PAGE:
Over at the Supreme People’s Court Monitor blog, Susan Finder has an excellent post on a recent speech by Liu Guixiang of the Adjudication Committee of the Supreme People’s Court. There are a number of interesting things in the speech, but this is just a short note about one thing that struck me: his call to uphold the “absolute leadership of the Party” (要坚持党的绝对领导).
Now, calls to uphold the leadership of the Party are a dime a dozen. But “absolute leadership”? That seemed a new one to me, so I did some checking around. I looked in Google and in the CNKI database for both journals and newspapers (full text) for instances in any year, ever, of (A) “courts must uphold the leadership of the Party” (法院要坚持党的领导) and (B) “courts must uphold the absolute leadership of the Party” (法院要坚持党的绝对领导). Here are the results in terms of number of hits.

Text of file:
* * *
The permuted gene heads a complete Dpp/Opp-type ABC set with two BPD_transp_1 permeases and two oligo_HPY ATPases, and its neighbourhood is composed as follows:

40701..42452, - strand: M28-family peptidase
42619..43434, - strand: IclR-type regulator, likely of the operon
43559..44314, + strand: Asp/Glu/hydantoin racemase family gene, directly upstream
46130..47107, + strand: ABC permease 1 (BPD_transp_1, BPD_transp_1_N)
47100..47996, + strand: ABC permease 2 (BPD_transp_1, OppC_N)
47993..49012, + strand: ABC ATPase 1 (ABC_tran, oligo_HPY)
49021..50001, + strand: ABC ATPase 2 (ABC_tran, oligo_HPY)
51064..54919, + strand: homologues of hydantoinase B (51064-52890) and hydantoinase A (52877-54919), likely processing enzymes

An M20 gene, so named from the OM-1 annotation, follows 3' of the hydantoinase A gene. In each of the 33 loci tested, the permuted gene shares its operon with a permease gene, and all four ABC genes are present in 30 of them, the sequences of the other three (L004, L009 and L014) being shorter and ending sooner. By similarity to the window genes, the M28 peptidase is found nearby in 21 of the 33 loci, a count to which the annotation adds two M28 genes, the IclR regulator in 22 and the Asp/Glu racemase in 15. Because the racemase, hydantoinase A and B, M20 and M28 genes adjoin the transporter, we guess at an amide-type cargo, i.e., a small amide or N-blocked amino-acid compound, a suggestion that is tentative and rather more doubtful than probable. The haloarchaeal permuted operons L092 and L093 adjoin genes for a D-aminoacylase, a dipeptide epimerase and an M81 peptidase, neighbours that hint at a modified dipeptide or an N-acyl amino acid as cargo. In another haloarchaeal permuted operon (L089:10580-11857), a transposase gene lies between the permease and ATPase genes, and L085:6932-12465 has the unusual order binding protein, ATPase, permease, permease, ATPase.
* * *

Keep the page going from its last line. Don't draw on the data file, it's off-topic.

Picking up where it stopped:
Obviously, the search term I used was highly specific; I wanted to be sure not to come up with any false positives, and was confident that the corpus of Chinese texts out there was sufficiently large that I’d still get some meaningful results. That seems to have happened. Pretty clearly the phrase “absolute leadership” is quite unusual as applied to courts. If anyone has thoughts about what’s going on here, please comment.
I’m attaching my results here.